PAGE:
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Short-beaked echidna (Tachyglossus aculeatus).—Kristi L. Bowman
any of three species of egg-laying mammals (monotremes) of the family Tachyglossidae. Echidnas are stocky and virtually tailless. They have strong-clawed feet and spines on the upper part of the brownish body. The snout is narrow, the mouth very small, and the tongue long and sticky for feeding on termites, ants, and other invertebrates in the soil. The short-beaked echidna common in Australia and Tasmania is 12–21 in. (30–53 cm) long. Two species of long-beaked echidna live only on the island of New Guinea. They are 18–31 in. (45–78 cm) long and have a prominent downward-pointing snout. They are valued for their meat and are declining in numbers. Echidnas exude milk from mammary openings on the skin, and the young lap it up. See alsoanteater; pangolin; hedgehog.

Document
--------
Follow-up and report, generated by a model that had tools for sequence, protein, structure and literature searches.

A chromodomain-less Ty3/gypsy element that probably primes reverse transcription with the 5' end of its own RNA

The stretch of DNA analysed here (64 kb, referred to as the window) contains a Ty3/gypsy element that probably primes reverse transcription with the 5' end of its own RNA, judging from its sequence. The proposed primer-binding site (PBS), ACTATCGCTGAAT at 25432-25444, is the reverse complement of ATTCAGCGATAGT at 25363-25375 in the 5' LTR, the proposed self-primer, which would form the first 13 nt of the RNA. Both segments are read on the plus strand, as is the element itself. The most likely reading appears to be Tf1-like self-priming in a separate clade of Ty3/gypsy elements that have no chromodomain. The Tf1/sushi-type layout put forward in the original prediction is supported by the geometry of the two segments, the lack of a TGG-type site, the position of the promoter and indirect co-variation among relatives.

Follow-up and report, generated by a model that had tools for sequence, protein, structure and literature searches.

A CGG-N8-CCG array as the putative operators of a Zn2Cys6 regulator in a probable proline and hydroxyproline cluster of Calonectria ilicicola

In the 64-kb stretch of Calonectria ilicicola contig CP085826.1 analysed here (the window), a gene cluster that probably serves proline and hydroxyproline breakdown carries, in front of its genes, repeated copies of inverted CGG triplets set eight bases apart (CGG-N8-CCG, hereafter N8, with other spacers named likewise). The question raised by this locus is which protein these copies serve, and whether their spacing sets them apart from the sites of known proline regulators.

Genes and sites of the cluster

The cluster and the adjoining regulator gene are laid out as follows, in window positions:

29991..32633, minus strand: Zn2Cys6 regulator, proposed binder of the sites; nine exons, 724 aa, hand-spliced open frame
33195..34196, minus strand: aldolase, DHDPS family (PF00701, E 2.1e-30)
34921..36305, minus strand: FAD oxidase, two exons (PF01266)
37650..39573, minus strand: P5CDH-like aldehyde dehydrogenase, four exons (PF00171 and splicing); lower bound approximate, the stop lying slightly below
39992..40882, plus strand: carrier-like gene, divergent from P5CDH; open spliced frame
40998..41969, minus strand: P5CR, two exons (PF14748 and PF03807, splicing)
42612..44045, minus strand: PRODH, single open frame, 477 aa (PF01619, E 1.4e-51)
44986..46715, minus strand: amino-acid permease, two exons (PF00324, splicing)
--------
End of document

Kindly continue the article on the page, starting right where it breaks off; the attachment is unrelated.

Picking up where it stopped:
Variants of ECHIDNA
echidna or spiny anteater
This entry comes from Encyclopædia Britannica Concise. For the full entry on echidna, visit Britannica.com.